• HisDivineOrder - Tuesday, October 15, 2013 - link

    You could just admit you were wrong when you implied Mantle is the same as the low level API MS is using for Xbox One. I mean, seriously. That nonsense has spread across the internet now. The least you could do is acknowledge that what you "suspected" turned out not to be the case.

    If someone at AMD truly implied that to you, you should go back to them and let them know what you think of their implying untruth to you. You'll be much like the people who believed the AMD PR guy who "implied" Bulldozer performance that didn't turn out to be based in reality.
    Reply
  • chizow - Tuesday, October 15, 2013 - link

    I think he just made an educated guess on that and I don't think he was that far off. If you looked at the actual low level code it would probably be very similar, a few header or operand differences. It probably could have been worded more carefully, instead of saying "same" it could've been "similar", just not compatible.

    But I agree, certain people have taken what was written and just ran with it making all kinds of links to Mantle and the consoles that did need to be cleared up. I'm glad MS did so sooner rather than later.
    Reply
  • 1Angelreloaded - Tuesday, October 15, 2013 - link

    I would like to see at this point optimization for the already abundant resources a mainstream computer already has as at this point. Before moving forward with hardware manufacturers on the hardware and software side should stife and reiterate previous models with a more designed focus on optimizing it for Linux and Windows before we move forward.

    While I would like to see more games that take advantage of AMD's 8 core I would also like to see hyperthreading properly implemented in non-half assed ways into the games core engine, and of course SLI and Crossfire hardware and software specs that surpass what we already have for the 4k revolution about to hit us like a brick wall with the next few years as mainstream.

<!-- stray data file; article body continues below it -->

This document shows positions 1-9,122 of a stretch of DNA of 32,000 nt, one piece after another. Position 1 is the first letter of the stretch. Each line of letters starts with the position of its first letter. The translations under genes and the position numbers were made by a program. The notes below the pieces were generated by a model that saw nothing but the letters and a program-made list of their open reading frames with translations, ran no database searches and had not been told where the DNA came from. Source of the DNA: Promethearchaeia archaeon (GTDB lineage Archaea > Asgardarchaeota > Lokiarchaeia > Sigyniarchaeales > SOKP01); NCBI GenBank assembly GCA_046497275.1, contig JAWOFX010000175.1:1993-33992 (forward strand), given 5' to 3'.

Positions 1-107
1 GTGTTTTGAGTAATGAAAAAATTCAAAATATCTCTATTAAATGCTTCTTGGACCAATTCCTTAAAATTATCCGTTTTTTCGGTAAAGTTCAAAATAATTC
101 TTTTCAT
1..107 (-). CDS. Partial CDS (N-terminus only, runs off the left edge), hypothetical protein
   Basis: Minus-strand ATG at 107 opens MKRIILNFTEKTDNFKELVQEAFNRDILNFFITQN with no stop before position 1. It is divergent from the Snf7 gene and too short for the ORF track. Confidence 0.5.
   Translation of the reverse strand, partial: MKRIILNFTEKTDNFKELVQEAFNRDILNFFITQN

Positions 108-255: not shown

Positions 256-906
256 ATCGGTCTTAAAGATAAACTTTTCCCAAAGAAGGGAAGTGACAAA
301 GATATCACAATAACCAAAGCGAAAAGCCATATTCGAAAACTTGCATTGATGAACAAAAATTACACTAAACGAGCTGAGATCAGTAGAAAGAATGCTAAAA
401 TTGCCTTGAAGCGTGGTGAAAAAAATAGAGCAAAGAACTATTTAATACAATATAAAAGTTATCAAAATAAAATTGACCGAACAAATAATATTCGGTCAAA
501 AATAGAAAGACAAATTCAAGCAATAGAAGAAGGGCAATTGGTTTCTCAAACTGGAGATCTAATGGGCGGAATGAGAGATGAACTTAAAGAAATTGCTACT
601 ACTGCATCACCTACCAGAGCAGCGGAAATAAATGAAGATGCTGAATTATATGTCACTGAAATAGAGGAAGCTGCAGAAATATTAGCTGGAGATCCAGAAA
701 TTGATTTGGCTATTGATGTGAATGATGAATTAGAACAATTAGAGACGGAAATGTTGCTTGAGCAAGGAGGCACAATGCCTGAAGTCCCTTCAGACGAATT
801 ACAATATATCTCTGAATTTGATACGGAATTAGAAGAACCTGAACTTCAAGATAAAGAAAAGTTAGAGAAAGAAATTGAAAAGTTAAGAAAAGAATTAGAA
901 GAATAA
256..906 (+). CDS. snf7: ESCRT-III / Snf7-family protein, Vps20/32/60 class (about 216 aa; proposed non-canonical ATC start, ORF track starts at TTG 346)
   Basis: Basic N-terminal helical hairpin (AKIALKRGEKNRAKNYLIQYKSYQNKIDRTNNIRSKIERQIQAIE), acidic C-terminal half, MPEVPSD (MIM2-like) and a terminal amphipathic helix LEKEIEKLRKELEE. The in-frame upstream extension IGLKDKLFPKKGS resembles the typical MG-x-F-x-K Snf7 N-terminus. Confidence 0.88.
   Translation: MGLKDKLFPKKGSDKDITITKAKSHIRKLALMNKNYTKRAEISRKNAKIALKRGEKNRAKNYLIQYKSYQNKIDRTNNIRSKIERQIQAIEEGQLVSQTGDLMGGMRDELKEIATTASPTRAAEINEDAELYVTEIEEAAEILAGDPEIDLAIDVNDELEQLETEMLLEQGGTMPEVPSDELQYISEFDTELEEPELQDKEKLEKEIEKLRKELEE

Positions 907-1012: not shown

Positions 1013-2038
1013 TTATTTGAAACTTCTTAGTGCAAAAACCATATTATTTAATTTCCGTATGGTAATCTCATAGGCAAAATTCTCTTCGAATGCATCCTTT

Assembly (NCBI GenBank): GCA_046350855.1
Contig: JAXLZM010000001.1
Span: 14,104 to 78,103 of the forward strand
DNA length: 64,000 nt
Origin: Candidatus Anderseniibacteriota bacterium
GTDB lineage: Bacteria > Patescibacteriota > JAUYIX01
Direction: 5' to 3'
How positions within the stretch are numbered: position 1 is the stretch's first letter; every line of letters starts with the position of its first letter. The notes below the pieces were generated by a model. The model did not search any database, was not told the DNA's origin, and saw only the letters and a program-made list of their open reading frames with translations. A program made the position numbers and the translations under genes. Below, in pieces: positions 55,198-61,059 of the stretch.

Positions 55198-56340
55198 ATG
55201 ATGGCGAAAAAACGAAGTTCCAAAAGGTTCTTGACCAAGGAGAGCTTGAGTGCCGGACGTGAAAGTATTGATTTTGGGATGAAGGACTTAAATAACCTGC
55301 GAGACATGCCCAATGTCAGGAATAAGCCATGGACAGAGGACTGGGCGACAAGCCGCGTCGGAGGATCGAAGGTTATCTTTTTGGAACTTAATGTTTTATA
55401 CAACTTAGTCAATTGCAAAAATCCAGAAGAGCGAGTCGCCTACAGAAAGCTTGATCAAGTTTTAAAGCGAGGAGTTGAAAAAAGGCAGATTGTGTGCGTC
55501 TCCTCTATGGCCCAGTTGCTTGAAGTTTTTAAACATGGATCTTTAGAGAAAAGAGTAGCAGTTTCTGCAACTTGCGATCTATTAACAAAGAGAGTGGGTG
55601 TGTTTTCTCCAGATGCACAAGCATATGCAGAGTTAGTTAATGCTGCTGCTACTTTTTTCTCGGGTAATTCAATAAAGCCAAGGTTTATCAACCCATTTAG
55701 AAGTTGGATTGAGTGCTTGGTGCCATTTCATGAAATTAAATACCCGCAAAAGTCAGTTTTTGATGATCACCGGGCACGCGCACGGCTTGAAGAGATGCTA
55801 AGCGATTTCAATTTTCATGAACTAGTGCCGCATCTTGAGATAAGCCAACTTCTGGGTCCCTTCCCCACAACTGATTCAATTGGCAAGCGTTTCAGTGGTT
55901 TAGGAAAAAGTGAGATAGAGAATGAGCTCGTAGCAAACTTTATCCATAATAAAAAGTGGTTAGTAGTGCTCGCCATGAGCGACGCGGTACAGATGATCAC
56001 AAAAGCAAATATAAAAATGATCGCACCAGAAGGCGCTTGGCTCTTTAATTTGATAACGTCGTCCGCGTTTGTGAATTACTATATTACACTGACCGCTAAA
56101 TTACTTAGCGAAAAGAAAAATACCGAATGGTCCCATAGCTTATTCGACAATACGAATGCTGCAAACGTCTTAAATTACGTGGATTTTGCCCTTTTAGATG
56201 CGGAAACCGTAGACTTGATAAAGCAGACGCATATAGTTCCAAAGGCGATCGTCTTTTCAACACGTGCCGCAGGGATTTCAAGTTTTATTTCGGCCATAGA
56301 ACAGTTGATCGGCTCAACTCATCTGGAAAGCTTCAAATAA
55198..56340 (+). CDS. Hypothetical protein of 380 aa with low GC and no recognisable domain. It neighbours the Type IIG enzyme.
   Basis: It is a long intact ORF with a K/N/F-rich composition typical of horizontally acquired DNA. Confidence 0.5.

I know this is a pipedream because the hardware typically moves at a pace where things can get outpaced quickly, and software manufacturers can't keep up, but we already have seen problems with Vista, most people will say it was 1 of Msofts worst flops, the truth for people whom know what they are talking about realized that Vista marked the birth of stable(after a couple months release) 64 bit home use as xp pro 64bit had no support what so ever. Vendors drivers were the cause of most of the problems and by the time 7 was released a better optimized and looking version of Vista, 8 strikes me like Vista and Millenium, and 9 will be the perfected version. Msoft has to be the middleground between the walled garden and completely free ballin Linux, but this is no excuse for non-polished OSs and lack of co-operative efforts with hardware and software segments.

    To move forward we first have to look and analyze backwards, most of the power we can leverage is wasted on non-optimized segments consoles have proven that even outdated hardware that is standardized can look amazing when properly taken advantage of.
    Reply
  • TheJian - Tuesday, October 15, 2013 - link

    Dice apparently got paid 8Million to pick it up. Considering AMD is almost bankrupt I expect nobody else to pick it up. Unless AMD makes some money soon. But that would require them to quit giving away free games, make better drivers, and actually make some cpu's worth buying vs. Intel.

    So, as i've said before, MANTLE is DEAD. Bring on OpenGL games! I'm hoping DirectX is right behind Mantle (along with consoles...ROFL). All dead. Everything can run OpenGL, so this is where they will all migrate. SteamOS couldn't have come along at a better time. MS will have a hard time competing with FREE (android and steamos).
    Reply
  • HunterKlynn - Friday, October 18, 2013 - link

    Something something "year of the Linux desktop!" Reply
  • ufon68 - Saturday, October 19, 2013 - link

    Too bad you can't tell the difference between directx, direct3d and openGL. Also too bad that doesn't prevent you from voicing your opinion on these. Reply
  • jasonelmore - Wednesday, October 16, 2013 - link

    I doubt other developers will use mantle unless paid by AMD like DICE was paid anywhere from 8-12 million for the BF4 Mantle Contract. Reply